Security flaw makes it easy for scammers to steal your data

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For the second time in around one month, a major flaw has been found in popular open-source security software. The hole, which exists in the login tools OAuth and OpenID, affects many websites including Google, Facebook, Microsoft, LinkedIn, Yahoo, GitHub and others.

The flaw was discovered by Wang Jing, a Ph.D student at the Nanyang Technological University in Singapore. Jing notes that the serious “Covert Redirect” flaw can act as a login popup based on an affected site’s domain. Exploited by an attacker, affected sites may result in users losing control of their login information and personal data — including email addresses, birth dates, and contact lists.

In addition, the flaw can result in Open Redirect attacks, where users are redirected to a website of an attacker’s choice, which can mean further harm being done.

“The patch of this vulnerability is easier said than done,” says Wang Jing. He has contacted the major companies affected to report the flaw — although they acknowledge that the bug will be difficult to fix in the short-term.

Security experts including Jeremiah Grossman, founder and interim CEO at WhiteHat Security, have agreed with Wang’s findings.

However, Brandon Edwards — VP of SilverSky Labs at SilverSky — emphasizes that this is not as major a security hazard as Heartbleed:

“Exposing music preferences, friend lists and other social content can be sensitive and some cases severe,” he says. “However, generally speaking, the risk of exposure to critical information is much lower, and is isolated to information that vulnerable sites would otherwise be exposing to third-parties anyway. This is far less impactful than Heartbleed, which has the potential to expose the most critical information that a site processes.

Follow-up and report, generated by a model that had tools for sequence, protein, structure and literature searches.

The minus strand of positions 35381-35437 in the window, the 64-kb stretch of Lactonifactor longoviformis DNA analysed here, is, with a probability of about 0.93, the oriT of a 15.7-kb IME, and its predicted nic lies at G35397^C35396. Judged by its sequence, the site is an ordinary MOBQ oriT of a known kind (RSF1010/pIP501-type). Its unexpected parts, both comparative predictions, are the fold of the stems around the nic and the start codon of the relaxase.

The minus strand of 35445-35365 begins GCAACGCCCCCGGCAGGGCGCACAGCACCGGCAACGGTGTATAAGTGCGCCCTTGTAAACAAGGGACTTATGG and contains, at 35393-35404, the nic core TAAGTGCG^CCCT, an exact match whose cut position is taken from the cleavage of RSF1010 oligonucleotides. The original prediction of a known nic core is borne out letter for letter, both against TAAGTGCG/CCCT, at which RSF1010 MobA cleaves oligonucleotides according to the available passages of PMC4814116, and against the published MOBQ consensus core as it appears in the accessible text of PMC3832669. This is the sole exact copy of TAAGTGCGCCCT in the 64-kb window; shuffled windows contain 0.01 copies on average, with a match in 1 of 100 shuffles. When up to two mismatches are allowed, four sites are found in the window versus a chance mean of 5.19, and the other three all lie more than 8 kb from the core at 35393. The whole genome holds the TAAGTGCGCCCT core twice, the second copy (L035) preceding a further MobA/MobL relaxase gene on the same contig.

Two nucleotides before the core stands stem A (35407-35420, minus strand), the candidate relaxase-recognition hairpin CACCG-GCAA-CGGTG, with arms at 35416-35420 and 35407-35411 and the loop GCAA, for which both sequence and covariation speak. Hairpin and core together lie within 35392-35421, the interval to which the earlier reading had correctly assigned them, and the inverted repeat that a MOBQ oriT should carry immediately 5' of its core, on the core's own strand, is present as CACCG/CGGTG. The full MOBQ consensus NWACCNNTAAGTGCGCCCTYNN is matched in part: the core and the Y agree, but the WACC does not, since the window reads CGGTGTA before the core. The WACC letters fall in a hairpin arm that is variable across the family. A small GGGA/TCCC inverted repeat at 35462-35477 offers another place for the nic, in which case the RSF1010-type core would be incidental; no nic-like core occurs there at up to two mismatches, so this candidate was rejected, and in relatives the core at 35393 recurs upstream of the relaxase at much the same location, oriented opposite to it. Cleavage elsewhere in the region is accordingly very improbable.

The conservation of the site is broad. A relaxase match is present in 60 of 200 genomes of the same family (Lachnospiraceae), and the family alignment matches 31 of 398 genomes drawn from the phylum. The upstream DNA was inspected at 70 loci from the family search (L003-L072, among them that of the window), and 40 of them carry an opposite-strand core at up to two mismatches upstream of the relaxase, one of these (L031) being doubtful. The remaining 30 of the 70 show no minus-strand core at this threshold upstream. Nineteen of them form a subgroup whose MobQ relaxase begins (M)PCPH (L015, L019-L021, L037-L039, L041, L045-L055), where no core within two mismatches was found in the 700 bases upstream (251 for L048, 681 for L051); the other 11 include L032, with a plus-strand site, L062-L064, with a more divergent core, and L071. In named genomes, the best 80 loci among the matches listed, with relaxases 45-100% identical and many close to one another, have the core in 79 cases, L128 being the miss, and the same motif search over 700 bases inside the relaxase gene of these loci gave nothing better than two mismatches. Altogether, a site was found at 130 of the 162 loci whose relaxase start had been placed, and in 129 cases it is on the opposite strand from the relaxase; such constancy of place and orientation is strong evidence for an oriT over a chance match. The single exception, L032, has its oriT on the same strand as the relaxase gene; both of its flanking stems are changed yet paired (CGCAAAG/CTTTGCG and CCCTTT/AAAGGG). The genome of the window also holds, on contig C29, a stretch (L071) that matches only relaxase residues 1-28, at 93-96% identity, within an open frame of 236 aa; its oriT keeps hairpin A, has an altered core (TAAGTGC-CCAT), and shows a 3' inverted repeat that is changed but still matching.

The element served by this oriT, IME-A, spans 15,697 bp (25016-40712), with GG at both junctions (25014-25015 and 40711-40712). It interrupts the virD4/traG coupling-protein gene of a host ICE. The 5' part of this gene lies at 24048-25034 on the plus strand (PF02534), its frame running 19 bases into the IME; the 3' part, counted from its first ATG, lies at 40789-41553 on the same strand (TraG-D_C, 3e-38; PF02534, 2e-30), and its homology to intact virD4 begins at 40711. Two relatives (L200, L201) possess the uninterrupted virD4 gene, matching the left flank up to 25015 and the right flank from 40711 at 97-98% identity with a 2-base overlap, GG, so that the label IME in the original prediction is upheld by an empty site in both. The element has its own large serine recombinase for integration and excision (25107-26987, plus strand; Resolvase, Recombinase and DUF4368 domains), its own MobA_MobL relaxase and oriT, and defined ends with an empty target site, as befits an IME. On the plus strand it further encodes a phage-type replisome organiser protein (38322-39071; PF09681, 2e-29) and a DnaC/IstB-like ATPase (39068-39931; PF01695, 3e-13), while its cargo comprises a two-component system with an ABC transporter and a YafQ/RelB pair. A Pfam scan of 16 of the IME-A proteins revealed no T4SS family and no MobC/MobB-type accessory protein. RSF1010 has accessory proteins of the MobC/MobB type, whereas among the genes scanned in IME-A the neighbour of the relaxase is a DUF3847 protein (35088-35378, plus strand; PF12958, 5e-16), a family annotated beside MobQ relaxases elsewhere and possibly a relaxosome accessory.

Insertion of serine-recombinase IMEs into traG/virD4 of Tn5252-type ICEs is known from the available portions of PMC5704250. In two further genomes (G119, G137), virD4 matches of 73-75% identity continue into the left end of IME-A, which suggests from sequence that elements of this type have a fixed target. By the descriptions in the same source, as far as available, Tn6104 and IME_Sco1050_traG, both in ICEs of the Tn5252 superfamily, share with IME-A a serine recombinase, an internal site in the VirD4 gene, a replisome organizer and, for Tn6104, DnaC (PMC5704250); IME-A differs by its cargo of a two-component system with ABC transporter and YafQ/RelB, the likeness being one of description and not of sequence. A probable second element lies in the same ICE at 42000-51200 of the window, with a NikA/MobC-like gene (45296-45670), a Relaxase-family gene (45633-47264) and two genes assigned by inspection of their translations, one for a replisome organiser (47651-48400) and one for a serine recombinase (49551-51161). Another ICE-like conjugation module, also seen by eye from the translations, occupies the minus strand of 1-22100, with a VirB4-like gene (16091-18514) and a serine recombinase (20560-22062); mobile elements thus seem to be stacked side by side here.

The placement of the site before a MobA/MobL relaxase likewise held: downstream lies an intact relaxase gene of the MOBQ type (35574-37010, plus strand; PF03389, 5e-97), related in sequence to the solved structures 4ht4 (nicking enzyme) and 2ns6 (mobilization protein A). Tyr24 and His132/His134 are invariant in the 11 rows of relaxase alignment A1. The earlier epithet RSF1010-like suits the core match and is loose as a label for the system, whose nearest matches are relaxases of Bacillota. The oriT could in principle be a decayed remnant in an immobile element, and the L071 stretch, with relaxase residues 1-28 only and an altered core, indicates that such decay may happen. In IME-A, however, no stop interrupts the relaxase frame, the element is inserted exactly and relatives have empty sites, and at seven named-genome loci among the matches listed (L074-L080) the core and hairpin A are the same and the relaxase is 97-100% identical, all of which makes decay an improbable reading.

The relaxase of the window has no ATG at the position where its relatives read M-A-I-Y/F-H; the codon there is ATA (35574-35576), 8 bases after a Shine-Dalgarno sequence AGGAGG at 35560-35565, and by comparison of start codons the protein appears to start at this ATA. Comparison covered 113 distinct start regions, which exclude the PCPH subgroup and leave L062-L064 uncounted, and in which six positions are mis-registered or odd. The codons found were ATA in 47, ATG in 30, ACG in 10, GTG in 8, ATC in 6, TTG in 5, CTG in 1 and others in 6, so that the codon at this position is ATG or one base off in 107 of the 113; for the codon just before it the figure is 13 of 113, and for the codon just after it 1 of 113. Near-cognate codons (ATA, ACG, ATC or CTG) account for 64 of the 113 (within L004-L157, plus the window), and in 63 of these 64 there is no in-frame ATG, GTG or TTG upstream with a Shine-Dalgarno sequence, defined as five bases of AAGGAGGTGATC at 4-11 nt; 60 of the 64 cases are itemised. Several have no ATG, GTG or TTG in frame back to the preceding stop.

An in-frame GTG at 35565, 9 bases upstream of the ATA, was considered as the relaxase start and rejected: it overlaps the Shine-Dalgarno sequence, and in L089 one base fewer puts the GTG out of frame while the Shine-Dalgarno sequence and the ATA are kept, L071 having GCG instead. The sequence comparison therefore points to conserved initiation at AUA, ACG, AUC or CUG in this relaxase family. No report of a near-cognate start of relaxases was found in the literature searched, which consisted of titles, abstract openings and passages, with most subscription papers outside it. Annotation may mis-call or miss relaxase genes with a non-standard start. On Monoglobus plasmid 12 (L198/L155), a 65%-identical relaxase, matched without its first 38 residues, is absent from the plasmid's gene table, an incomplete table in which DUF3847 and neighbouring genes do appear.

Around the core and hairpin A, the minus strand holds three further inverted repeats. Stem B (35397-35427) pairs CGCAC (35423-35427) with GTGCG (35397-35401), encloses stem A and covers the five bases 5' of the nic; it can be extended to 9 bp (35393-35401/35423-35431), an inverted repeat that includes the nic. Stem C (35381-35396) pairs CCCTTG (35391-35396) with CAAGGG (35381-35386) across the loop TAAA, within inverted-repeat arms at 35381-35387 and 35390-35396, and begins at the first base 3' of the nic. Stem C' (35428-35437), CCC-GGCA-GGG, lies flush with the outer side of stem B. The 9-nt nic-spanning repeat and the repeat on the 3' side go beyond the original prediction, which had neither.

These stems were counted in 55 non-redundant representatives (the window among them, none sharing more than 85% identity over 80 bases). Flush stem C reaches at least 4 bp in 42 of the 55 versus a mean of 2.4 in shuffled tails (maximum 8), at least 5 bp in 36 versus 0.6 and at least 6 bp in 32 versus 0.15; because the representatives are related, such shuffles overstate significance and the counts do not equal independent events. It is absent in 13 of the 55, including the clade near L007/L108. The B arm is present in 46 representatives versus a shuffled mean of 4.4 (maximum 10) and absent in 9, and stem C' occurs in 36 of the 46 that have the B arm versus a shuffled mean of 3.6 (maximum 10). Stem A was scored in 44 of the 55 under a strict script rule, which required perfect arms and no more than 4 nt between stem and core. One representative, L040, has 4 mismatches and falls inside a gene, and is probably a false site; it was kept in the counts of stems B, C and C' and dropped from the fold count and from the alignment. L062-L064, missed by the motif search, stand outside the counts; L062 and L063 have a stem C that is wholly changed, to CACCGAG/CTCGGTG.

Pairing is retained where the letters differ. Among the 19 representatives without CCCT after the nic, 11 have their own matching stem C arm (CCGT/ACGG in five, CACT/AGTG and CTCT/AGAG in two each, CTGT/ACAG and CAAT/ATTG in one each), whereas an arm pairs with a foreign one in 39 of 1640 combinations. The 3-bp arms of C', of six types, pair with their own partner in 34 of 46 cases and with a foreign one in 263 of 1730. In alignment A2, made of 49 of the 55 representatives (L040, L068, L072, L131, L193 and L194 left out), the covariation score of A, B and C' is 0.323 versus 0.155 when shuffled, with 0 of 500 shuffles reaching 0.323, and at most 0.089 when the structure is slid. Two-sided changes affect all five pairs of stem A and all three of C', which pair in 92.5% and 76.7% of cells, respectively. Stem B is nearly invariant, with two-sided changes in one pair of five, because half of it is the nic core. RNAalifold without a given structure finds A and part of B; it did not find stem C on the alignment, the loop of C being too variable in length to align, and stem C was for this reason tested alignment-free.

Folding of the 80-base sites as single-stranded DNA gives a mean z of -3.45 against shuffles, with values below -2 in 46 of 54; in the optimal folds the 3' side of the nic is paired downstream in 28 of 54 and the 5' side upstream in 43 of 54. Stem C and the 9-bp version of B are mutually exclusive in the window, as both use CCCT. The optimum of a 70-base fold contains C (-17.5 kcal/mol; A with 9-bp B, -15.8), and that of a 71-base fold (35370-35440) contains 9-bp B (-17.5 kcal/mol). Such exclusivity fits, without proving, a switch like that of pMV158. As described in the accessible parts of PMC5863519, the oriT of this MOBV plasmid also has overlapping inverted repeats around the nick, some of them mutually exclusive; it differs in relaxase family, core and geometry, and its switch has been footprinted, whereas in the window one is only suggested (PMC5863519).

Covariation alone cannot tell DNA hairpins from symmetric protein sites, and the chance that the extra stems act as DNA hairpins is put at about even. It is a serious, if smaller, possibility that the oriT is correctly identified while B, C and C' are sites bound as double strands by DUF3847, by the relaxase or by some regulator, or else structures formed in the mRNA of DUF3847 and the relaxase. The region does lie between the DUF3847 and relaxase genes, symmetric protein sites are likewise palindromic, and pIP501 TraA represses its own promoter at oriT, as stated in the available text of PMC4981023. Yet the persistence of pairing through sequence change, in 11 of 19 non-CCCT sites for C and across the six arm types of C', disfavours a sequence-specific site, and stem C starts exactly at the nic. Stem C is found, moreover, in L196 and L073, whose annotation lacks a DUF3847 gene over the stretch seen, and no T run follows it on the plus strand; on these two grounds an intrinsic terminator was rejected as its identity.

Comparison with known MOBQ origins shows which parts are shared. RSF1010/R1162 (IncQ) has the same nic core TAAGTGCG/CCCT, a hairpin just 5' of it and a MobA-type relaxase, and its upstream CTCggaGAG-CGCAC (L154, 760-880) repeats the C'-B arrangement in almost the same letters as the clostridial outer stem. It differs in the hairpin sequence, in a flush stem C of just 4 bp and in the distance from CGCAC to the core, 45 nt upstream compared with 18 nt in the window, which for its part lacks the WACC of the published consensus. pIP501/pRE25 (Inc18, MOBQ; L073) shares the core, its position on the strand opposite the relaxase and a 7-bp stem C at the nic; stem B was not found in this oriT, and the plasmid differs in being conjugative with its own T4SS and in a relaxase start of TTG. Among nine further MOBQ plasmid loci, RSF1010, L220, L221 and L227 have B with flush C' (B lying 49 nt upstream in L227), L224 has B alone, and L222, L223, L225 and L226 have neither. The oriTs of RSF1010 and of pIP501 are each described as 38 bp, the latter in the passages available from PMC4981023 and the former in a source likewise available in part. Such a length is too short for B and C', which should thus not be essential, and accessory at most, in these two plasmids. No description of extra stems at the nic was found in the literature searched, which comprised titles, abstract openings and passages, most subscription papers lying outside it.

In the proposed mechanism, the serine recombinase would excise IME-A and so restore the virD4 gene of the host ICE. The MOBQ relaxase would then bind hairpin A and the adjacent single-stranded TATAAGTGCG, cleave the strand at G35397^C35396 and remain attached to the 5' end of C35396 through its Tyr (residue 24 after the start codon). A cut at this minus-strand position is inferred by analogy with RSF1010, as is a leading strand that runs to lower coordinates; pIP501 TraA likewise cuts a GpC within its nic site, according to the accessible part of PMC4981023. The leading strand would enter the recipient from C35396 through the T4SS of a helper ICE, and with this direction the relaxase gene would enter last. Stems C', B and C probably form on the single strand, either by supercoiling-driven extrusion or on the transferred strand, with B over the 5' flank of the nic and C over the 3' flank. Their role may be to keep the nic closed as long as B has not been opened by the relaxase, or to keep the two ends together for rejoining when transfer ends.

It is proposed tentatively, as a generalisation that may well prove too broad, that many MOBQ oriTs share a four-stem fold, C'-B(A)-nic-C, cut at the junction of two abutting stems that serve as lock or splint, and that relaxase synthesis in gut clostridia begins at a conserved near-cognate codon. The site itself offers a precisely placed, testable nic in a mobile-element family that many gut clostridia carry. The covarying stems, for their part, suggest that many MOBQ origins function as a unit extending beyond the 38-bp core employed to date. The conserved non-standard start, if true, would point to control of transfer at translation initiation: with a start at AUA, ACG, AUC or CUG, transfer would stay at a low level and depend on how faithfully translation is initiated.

Additionally, this vulnerability is not as widespread as Heartbleed, as most of the sites using these technologies are social networking, so this won’t pose a threat to banks, and will not be embedded in networking equipment like routers or VPN gateways. Finally, this vulnerability still relies on user interaction: a user must be phished, lured or convinced to allow access with their account.”

We’ll have more news as this story breaks.

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About the author

Luke DormehlLuke Dormehl is a UK-based journalist and author, with a background working in documentary film for Channel 4 and the BBC. He is the author of The Formula: How Algorithms Solve All Our Problems, And Create More and The Apple Revolution, both published by Penguin/Random House. His tech writing has also appeared in Wired, Fast Company, Techmeme, and other publications. He'd like you a lot if you followed him on Twitter.

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